The earth only has finite resources and we need to live within those boundaries. We can no longer keep consuming as we do today - prioritisng quality over quantity is a good step towards a more carbon neutral future.
- Can you remember collectibles from your childhood? What were they made of?
- Do you think you could go back to the lifestyle you were living in the year 2000? What about 1970?
- How many toys did you have when you were a child? Which ones brought you the most joy? Were they good quality?
- Are you surprised how much carbon is released to produce 1 kg of plastic?
- Which of the 8 ways in which we could reduce consumption resonate with you?
- Which of the 8 ways would you like to implement in your organisation? How will you do this?
How Sustained Fun is Prioritising Quality over Quantity
EcoSplat Reusable Water Balloons are reusable, they are used many more times than single-use water balloons and they have a long lifespan. And they are more fun than single-use water balloons because you just dunk and throw them with no rubbish to pick up.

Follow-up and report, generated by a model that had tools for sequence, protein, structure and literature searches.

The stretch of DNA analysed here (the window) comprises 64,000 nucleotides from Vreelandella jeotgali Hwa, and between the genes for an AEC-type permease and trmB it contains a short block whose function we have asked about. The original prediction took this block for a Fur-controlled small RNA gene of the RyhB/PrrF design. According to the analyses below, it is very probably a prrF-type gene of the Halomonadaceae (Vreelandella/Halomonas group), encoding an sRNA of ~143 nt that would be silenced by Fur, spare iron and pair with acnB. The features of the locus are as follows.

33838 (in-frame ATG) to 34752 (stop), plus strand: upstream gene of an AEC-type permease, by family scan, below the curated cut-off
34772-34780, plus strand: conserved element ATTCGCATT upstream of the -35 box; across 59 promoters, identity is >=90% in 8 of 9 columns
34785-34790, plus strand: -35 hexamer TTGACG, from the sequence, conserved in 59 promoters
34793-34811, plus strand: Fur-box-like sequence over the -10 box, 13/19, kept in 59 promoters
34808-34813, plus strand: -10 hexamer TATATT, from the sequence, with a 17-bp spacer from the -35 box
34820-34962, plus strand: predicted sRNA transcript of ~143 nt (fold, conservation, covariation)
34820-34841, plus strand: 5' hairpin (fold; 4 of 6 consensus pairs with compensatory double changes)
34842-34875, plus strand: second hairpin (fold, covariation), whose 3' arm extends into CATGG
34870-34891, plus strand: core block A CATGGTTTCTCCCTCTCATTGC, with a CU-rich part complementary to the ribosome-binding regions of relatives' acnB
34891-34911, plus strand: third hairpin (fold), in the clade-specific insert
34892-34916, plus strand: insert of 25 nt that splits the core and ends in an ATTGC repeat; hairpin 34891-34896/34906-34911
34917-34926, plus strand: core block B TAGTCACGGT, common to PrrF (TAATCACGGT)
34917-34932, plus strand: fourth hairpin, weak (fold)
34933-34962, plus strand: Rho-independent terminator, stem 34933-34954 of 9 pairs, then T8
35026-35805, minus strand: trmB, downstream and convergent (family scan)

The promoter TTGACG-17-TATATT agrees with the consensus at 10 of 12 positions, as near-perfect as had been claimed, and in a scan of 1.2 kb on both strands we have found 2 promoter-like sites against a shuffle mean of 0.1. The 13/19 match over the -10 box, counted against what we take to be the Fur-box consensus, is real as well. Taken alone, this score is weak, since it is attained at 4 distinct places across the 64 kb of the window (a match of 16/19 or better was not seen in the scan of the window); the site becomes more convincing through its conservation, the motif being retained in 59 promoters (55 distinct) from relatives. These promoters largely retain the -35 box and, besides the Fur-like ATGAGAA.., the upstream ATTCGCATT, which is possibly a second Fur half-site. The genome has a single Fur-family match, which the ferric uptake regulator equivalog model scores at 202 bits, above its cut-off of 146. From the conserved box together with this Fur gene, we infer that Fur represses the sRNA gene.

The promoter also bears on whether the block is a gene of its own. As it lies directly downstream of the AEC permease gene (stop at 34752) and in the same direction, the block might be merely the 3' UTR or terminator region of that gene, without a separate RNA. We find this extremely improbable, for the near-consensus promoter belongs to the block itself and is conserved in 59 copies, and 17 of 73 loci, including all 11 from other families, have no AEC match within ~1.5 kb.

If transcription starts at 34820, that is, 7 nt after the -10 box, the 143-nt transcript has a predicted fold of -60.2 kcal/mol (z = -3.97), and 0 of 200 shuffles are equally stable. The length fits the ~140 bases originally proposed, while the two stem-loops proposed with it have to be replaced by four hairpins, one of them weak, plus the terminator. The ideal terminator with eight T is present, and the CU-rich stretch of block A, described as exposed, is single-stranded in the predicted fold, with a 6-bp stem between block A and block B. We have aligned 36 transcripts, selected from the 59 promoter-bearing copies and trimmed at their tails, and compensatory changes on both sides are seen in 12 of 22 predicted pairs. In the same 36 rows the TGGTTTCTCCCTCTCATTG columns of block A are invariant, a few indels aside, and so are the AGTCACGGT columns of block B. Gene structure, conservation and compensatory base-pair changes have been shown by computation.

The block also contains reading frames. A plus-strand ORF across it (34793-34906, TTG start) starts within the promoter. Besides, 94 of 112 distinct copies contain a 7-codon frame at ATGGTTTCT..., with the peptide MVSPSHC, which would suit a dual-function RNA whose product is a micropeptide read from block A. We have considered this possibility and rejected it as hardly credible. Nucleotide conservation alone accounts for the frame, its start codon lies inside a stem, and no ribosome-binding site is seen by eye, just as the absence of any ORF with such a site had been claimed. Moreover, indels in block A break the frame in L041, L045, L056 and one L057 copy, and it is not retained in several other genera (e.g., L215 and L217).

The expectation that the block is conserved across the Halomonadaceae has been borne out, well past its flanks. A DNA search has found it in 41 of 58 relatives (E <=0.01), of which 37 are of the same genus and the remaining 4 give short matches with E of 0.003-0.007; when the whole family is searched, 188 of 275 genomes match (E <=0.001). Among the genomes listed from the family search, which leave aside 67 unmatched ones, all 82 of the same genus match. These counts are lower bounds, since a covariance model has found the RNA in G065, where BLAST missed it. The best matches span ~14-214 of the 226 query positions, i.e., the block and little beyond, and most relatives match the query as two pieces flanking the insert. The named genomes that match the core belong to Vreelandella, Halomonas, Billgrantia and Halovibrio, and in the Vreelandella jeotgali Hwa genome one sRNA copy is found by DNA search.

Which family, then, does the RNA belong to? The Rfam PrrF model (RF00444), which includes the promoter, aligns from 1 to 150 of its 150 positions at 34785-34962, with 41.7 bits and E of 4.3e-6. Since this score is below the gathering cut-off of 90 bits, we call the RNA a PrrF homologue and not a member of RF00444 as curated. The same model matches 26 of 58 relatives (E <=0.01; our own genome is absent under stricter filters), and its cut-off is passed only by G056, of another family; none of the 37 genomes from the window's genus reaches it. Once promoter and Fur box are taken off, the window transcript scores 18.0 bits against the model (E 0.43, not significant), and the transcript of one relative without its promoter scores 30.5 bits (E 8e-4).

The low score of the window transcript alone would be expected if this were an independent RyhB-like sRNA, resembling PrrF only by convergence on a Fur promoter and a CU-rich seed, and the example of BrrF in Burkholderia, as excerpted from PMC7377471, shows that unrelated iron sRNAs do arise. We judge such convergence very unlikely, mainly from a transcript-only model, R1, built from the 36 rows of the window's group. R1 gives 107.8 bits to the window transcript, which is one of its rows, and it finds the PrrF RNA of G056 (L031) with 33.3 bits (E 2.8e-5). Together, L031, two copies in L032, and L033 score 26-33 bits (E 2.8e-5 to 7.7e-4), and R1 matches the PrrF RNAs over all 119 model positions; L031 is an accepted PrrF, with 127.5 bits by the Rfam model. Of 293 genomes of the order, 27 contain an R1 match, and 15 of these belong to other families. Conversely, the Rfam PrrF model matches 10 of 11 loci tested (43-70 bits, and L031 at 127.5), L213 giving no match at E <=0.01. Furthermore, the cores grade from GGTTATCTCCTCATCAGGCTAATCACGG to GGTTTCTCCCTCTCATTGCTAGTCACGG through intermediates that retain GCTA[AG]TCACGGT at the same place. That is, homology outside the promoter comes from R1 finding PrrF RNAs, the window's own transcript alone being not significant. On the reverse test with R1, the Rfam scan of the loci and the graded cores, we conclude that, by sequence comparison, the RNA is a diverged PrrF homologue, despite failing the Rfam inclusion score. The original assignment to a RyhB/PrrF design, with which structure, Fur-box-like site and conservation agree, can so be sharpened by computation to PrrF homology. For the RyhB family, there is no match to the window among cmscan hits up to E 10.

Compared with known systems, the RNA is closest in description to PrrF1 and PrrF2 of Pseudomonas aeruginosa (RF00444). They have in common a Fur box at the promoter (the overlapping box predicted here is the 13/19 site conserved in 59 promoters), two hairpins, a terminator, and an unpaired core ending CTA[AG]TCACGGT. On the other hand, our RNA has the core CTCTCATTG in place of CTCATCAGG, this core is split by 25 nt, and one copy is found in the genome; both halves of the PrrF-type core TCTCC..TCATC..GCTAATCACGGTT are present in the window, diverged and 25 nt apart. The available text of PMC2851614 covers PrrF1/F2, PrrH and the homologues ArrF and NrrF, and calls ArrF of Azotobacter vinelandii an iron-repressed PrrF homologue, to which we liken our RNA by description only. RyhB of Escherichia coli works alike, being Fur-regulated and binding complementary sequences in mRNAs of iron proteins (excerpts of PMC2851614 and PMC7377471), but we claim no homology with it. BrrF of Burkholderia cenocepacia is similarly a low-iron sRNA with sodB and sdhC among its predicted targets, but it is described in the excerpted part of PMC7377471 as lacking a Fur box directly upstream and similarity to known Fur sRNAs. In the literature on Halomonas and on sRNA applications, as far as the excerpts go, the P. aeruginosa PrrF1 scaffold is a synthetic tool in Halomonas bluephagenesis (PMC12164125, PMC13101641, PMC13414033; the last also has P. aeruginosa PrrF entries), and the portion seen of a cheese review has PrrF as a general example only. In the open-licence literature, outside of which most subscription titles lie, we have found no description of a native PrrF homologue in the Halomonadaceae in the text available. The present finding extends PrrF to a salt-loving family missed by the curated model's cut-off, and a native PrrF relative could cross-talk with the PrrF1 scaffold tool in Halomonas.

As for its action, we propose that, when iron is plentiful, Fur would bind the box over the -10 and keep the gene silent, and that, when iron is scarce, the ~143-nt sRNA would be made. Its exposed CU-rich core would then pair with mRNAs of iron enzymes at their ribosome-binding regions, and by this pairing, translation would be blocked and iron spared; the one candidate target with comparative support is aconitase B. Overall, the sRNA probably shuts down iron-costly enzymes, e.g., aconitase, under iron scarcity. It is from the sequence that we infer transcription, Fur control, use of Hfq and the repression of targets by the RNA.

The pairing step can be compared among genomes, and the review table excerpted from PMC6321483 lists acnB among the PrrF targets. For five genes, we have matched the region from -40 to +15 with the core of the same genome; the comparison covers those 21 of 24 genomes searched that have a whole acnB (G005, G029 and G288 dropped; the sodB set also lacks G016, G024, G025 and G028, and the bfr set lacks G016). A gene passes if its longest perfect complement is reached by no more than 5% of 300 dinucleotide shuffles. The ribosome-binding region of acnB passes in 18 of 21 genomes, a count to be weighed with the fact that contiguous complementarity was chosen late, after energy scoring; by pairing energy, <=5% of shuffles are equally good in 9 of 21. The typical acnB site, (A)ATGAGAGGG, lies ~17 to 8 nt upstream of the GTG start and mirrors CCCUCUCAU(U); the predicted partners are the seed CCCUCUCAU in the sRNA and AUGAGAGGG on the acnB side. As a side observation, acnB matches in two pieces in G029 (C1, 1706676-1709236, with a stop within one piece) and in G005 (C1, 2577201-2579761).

How will you Reduce Carbon by Prioritising Quality?
Share your thoughts and progress: #worldsustainabletoyday
World Sustainable Toy Day 2023: Towards a More Sustainable Toy Industry will be held on 17th November 2023. Get involved at www.worldsustainabletoyday.com
*While this article talks about global consumption, carbon emissions and material footprint, only countries living lifestyles that outstrip the earth’s resources need to reduce their consumption. Climate change is a problem caused by rich nations, not by the millions living in poverty.
Changing the World Toy by Toy. https://sonia-sanchez.com/toy-industry/